Monday, 31 October 2016

An American view of Brexit

There is an interesting sidelight on the Brexit vote in the “New York Times Review of Books”. The Brexit triumph is seen as a howl of rage on the part of the poor white working class in the old declining industrial areas, who were given the opportunity of venting their frustrations on a single target: Europe. Parallels are drawn with Donald Trump’s success in appealing to the same socio-economic groups in the so-called “rust belt” and the backwoods rural districts of America. Trump himself is aware of the parallels, and encourages his supporters by pointing out how Brexit was able to triumph, against all predictions and against the advice of almost all political and business leaders.

   None of this can be explained by traditional class-based theories. Contrast an area I know well: Stoke-on-Trent: rock-solid Labour; the home of traditional heavy industries (ceramics, coal and iron: all in decline for many years), with its own proud local traditions, and strongly Brexit; with another area I know: Richmond-on-Thames: rock-solid Tory, with some of the highest house prices in the country, and over 70% for Remain. To add to the confusion, the Stoke M.P.s backed Remain, but the Richmond M.P.backed Brexit!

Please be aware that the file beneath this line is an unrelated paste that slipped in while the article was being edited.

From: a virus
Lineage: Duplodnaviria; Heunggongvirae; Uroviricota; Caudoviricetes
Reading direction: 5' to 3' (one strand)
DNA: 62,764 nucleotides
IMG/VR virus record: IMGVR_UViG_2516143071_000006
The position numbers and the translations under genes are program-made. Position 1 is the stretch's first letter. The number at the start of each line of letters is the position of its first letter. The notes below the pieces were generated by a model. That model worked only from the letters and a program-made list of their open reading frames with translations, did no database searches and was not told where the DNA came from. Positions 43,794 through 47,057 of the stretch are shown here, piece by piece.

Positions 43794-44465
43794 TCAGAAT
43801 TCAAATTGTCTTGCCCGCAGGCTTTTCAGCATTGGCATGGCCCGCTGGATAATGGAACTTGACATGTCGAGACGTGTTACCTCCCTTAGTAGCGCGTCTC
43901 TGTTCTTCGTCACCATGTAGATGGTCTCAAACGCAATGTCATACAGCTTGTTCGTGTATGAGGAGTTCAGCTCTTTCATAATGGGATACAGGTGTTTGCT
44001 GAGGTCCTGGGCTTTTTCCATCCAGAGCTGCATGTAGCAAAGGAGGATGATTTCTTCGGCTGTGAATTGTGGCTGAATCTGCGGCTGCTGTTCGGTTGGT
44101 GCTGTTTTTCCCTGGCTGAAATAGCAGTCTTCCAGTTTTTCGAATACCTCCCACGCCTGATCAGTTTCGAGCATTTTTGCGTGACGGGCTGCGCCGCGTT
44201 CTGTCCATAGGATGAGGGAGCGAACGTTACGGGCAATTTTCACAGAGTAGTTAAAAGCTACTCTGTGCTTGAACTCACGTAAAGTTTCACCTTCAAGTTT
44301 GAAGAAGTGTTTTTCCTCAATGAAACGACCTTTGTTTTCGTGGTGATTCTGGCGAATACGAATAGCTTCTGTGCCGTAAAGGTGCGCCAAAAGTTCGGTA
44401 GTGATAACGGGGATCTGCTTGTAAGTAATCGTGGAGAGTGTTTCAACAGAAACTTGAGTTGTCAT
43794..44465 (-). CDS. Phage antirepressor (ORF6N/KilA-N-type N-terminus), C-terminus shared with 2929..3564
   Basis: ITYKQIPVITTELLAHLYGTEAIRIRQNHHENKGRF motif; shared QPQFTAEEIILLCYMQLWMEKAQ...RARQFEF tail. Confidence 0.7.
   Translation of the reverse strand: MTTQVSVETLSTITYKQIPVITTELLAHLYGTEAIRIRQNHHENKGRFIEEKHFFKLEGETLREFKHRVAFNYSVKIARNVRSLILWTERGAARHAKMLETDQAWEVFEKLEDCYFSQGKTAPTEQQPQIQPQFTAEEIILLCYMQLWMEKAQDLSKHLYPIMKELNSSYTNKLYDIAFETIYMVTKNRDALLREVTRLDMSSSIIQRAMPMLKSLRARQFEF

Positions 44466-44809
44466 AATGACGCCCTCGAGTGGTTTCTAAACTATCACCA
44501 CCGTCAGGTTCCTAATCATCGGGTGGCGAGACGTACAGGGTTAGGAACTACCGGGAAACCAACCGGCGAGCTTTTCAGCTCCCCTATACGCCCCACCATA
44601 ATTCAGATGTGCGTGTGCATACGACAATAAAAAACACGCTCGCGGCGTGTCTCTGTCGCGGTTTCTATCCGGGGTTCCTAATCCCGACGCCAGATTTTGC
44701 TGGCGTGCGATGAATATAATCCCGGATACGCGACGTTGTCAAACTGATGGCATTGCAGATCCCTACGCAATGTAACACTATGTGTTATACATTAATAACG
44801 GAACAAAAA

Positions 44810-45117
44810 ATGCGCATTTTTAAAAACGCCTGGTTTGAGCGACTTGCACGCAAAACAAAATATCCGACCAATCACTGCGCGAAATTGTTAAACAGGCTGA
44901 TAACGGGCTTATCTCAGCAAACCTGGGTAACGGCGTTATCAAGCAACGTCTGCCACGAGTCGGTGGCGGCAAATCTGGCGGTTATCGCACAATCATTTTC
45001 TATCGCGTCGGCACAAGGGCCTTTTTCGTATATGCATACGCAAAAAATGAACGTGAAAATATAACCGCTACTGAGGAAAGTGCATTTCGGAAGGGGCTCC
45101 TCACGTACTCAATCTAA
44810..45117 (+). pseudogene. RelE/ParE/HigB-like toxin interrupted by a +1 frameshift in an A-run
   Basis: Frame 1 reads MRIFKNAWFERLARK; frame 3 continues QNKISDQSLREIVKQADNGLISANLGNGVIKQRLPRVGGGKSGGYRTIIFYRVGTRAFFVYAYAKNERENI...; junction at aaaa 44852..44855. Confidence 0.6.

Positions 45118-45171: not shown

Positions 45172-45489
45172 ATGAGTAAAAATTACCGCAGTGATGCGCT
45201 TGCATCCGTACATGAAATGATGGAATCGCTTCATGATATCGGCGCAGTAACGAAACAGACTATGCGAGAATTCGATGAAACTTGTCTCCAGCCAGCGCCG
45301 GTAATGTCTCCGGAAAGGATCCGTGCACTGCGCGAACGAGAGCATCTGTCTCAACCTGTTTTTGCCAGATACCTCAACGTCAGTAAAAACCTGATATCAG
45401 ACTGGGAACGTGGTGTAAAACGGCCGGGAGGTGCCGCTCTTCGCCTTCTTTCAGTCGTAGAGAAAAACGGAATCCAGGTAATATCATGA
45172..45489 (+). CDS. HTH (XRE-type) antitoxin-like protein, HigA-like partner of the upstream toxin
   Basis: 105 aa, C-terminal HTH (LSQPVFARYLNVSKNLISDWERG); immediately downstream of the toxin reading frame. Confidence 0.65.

The clearest divisions are in education. In America the majority of college graduates traditionally voted Republican, whereas blue-collar workers voted Democrat. This could well change: probably not many graduates are likely to support Trump, but on the other hand he could do well in a state like Pennsylvania, which is full of rust belt industrial towns (Does anyone remember Billy Joel's classic song "Allentown", about the decline of the steel industry there?). In our referendum, an overwhelming majority of people with university degrees voted for Remain, as did the inhabitants of London and the academic centres, Oxford and Cambridge.

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